A man operates a tractor to crush coal, one of the fuels used by the thermal power industry, in Huaibei, Anhui province. (Photo by WU HE/CHINA DAILY)
China will continue to support long-term supply deals between coal producers and buyers, amid rising demand for the commodity during the heating season, according to the country's top economic planner.
Medium and long-term contracts with a duration of more than one year would account for more than 75 percent of the supply deals signed by coal and power enterprises both at the central and local levels in 2018, the National Development and Reform Commission said in a document published on Wednesday.
Railways, ports and shipping enterprises should give priority to such contracts, according to the document.
Coal and utility enterprises should sign the deals based on independent will and market demand. There should be more direct contracts between the suppliers and buyers of coal to cut transaction costs and push for the healthy development of the sector.
The NDRC will strengthen supervision of medium and long-term contracts of more than 200,000 metric tons and make sure that more than 90 percent of such contracts will be fulfilled in 2018.
"Long-term contracts help calm volatile coal prices as coal suppliers and buyers will establish stable and effective cooperation," said Zhou Dadi, a senior researcher at the China Energy Research Society.
"There will be fewer price hikes in the coal sector due to temporary supply shortages, temperature drops or speculative activities. Most of the bulk commodities are traded through long-term contracts in the world since they can ensure stable market expectations and improve transportation efficiency," he added.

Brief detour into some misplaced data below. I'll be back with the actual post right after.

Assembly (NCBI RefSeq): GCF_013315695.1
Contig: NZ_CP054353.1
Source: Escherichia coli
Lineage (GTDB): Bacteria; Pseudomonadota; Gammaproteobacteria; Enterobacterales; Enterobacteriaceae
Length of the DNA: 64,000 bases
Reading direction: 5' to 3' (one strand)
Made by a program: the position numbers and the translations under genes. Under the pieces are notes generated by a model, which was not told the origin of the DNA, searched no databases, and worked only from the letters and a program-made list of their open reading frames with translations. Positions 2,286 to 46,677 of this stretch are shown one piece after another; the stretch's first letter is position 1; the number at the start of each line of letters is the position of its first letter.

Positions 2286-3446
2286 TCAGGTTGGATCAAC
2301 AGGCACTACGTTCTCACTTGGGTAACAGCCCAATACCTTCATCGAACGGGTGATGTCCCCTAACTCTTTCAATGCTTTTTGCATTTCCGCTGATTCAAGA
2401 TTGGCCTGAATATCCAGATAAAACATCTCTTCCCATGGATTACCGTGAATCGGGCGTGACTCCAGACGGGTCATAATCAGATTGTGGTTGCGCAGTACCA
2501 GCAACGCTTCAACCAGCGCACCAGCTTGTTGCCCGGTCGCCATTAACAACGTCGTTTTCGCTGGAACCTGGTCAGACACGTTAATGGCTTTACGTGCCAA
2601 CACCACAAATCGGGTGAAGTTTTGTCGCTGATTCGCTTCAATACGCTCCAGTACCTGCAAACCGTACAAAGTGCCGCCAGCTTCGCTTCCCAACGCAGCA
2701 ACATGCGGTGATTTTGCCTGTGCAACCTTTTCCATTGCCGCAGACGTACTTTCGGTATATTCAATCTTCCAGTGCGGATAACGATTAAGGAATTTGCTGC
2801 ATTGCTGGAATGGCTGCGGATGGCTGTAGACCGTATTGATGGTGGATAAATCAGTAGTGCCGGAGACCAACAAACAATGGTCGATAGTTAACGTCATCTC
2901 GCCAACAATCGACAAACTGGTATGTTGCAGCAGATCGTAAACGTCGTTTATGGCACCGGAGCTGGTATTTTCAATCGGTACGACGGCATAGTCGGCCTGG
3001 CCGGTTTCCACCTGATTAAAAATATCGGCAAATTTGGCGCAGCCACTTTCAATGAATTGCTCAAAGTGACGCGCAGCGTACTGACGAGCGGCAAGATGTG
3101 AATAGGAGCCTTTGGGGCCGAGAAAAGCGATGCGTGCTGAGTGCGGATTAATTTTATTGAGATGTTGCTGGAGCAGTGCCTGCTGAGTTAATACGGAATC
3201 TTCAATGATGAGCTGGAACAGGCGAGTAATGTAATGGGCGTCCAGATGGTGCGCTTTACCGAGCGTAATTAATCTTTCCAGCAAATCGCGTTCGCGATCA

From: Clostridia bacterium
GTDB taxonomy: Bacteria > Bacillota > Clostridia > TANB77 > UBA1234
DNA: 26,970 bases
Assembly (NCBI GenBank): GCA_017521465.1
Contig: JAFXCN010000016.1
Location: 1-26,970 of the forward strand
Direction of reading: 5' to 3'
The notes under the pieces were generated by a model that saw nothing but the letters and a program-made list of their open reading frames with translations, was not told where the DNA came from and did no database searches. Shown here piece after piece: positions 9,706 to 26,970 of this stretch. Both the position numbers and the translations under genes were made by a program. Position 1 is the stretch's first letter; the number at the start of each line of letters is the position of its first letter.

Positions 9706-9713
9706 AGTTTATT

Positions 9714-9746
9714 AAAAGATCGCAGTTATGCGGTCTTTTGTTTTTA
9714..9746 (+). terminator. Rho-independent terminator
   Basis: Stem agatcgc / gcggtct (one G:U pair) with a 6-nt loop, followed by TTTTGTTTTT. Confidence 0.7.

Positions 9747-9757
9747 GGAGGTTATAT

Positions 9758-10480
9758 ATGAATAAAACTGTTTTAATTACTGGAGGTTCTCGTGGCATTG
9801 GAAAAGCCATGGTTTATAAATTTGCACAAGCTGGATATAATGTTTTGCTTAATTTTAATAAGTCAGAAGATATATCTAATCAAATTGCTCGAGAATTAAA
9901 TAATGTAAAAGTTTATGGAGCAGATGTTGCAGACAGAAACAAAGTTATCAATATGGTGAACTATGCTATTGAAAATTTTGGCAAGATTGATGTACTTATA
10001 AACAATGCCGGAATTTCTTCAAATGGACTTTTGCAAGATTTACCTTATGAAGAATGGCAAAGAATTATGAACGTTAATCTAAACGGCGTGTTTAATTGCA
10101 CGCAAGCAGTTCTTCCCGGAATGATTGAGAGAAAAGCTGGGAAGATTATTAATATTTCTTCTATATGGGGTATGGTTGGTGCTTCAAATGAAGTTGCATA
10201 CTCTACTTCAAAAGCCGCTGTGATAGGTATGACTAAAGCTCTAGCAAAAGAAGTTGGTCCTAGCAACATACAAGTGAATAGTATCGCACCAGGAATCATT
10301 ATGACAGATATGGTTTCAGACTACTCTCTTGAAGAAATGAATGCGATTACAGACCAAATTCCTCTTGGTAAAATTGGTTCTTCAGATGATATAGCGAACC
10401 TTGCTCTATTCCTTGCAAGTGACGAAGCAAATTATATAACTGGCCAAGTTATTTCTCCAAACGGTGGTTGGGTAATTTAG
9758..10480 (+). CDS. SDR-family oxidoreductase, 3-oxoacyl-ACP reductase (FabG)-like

Han Xiaoping, chief information officer of China Energy Net Consulting Co, said: "Apart from coal enterprises, there should be long-term contracts between transportation, power generation, transmission and distribution companies to ensure stable electricity prices."
China holds one-third of the world's coal reserves and this accounts for around 70 percent of the nation's basic energy needs.
"Although the country has been striving to optimize its energy structure by introducing more renewable energy, coal is expected to remain a major energy resource in China over the long-term," said Han.
During the first 10 months of this year, profits of the coal mining and washing sector surged six fold to 250.6 billion yuan (.9 billion), according to the National Bureau of Statistics, benefiting from deeper supply-side structural reform, which targets reduction of outdated capacity and production costs.
China's coal production reached 300 million tons in September, up 7.6 percent year-on-year, according to the National Bureau of Statistics.
The same data showed that coal production increased 5.7 percent to 2.59 billion tons during the January-September period, compared to the same period a year ago.